Before she woke (on the 7th), I scrambled to wrap her present and make her card. (See Freddy above sniffing at her card and present.) Soon she came out of the bedroom and I said “Happy Birthday!” She said, “Today’s not my birthday. It’s the 8th.” I said, “Today is the 8th. Come. Let’s look at the calendar.” Sure enough it was the 7th. This confusion a sign of the times. To misquote a song by Chicago, “Does anybody really know what day it is?”

I know tomorrow is Sunday because the Sunday New York Times is delivered. And Wednesday is garbage day because I see that our street is lined with barrels filled with garbage. And Friday is Brooks and Shields (Now Washington Post columnist Jonathan Capehart since Shields recently retired). But other than that I am never sure of the day or date. Or time! This a sign of the pandemic and being in quarantine. I need a calendar!

Susan opened her card first upon waking on the 8th, a picture of our kitchen table which I think says much about who we are, our interests, our love of books and beauty. And it reminds me of a painting by French Impressionists. I enjoy still lifes of our home.

Years ago, I wrote:

This is
A Place
A Table
Round, of grace
A flowered tablecloth
A bowl of lemons and limes
Apples and oranges
We hold hands
Thank You God
For these gifts
We are about to receive
From your bounty
Through Christ our Lord
Amen.
A table of grace.
We then enjoyed a cup of coffee and soon I made us bacon and blueberry pancakes.
I spent much time organizing my photos of Times Square @ 1980s for my book, “Famous People Famous Places“. I am happy that I have made great progress on the project since reading about myself in the NYTimes Sunday Book Review section a few weeks ago (See previous post).
This is how the organization comes along. First I printed contact sheets of all the photos, cut them into “negs” and placed them on a large paper board.
Then I spent many hours looking at the images, determining an order, a sequence that made sense to me.
I then took these negatives and taped them into my journal so that I can reference them as I upload to Blurb.
During lunch, Susan suggested we order out for dinner. We often do order out for pizza on Friday nights. But after I walked Freddy in the afternoon, I returned home cold and thought there’s no way I want to go out later for a pizza. So while Susan napped in the late afternoon, I made a birthday dinner for her (It was her birthday!): Roasted Chicken Thighs with Pears and Dried Cranberries; Wild Rice; Carrots.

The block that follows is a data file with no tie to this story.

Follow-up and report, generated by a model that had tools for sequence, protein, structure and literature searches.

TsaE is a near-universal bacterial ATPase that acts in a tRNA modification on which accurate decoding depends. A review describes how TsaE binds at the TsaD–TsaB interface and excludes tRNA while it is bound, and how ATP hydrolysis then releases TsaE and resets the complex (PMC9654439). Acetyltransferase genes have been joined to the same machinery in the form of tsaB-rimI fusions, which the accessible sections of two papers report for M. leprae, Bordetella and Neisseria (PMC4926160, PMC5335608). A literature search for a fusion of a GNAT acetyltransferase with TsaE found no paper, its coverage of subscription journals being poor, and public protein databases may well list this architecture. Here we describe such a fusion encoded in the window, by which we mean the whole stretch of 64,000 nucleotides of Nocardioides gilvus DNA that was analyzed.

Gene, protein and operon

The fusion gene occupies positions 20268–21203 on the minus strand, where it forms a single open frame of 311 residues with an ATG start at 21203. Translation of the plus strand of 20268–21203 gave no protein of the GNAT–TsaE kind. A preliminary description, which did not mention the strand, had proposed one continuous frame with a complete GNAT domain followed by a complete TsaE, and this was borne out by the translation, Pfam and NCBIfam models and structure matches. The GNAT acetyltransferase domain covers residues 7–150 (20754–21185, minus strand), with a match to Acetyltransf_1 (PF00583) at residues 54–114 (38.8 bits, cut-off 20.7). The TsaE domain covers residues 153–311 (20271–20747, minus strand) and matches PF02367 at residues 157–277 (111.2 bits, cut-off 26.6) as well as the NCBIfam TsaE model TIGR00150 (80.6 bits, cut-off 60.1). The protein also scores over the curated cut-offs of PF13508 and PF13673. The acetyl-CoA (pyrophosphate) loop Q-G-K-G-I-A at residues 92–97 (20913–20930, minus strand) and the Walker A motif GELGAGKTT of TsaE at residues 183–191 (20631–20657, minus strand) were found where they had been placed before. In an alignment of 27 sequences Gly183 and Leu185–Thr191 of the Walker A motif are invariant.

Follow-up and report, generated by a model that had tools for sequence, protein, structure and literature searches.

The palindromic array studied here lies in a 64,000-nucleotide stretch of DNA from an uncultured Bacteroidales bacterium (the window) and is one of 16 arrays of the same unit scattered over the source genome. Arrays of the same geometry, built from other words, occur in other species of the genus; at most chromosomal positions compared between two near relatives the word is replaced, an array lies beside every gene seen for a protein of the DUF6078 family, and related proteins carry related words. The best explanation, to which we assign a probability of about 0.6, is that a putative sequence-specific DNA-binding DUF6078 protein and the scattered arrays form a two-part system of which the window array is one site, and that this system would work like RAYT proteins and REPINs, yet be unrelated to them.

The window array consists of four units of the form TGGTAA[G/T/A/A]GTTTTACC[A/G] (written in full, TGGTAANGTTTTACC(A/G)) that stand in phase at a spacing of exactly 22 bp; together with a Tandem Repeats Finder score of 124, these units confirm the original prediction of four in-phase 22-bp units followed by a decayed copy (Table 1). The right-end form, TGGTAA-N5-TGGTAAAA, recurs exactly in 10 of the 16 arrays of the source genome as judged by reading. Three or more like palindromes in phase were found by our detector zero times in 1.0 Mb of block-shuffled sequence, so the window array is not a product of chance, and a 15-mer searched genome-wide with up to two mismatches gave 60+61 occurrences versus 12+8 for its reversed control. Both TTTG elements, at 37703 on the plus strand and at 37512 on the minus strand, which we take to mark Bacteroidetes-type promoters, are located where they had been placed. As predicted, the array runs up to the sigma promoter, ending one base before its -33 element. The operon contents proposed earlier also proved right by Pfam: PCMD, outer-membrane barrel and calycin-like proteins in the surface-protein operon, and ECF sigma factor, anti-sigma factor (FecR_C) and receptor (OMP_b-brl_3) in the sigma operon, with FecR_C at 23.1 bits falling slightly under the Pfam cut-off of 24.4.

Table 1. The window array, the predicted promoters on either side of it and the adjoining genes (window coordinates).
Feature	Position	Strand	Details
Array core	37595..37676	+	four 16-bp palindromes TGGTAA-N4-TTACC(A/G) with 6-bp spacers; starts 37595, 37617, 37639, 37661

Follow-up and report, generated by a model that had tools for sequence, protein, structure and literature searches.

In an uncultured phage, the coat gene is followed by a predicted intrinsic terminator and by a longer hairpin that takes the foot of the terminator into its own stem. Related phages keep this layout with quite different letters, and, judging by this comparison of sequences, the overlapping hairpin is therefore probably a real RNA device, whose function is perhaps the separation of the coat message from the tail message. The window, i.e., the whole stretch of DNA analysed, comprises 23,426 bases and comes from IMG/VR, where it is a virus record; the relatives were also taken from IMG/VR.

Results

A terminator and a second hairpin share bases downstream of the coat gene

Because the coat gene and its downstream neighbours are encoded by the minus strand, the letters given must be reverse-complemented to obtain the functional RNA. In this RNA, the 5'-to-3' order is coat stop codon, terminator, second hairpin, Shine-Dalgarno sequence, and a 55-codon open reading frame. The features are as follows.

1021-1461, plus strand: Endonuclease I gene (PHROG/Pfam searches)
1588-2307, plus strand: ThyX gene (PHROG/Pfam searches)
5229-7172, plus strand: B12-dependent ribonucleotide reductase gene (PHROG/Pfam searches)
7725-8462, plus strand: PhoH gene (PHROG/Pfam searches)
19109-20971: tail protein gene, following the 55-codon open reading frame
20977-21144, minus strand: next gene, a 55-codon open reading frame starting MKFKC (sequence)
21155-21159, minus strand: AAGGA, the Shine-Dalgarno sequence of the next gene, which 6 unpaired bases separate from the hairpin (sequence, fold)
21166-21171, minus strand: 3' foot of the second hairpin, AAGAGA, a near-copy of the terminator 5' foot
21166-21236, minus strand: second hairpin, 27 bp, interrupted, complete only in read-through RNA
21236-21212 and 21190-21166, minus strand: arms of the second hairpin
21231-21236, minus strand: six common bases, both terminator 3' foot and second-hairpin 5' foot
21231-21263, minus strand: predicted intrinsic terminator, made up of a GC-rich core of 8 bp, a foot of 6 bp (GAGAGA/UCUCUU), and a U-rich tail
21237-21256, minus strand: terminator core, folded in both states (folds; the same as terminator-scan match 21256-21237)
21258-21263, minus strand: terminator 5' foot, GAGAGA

The recipe is based on one from Taste of Home:
  • 4 boneless skinless chicken breast halves (6 ounces each) (I used 2 skinless boneless chicken thighs)
  • 3/4 teaspoon salt
  • 1/2 teaspoon pepper
  • 1 tablespoon canola oil
  • 1 cup reduced-sodium chicken broth
  • 3 tablespoons white balsamic vinegar (I used 2 teaspoons)
  • 1/2 teaspoon minced fresh rosemary (I didn’t use.)
  • 2 teaspoons cornstarch (I didn’t use)
  • 1-1/2 teaspoons sugar (I didn’t use)
  • 2 medium unpeeled pears, each cut into 8 wedges (I used 6 canned and drained pear halves)
  • 1/3 cup dried cherries or dried cranberries
  • Sprinkle chicken breasts with salt and pepper. In a large nonstick skillet, heat oil over medium-high heat. Add chicken; cook until a thermometer reads 165°, 8-10 minutes. Remove. (I roasted the chicken thighs in oven at 375 for 45 minutes)
  • Meanwhile, stir together next 5 ingredients until blended. Pour into skillet; add pears and dried cherries. Bring to a boil over medium-high heat; reduce heat and simmer, covered, until pears are tender, about 5 minutes. Return chicken to skillet; simmer, uncovered, until heated through, 3-5 minutes. If desired, sprinkle with additional minced rosemary (I warmed pears, stock, vinegar, cranberries on stove top)
After dinner, we watched Brooks and Capehart and then a fascinating documentary of James Beard. I had forgotten he had a great gift for writing. I once had two Beard books (He wrote 18.): “Beard on Bread” and “The James Beard Cookbook.” I lost them in one of my moves. I will have to see if I can find a few in a used book store.
The show brought home to me the fact that I need, I am called, to again write. To write about food. To write about art. To write about life.
To tell stories. Which reminds me; did I ever tell you the story about the times I had lunch at the Four Seasons bar?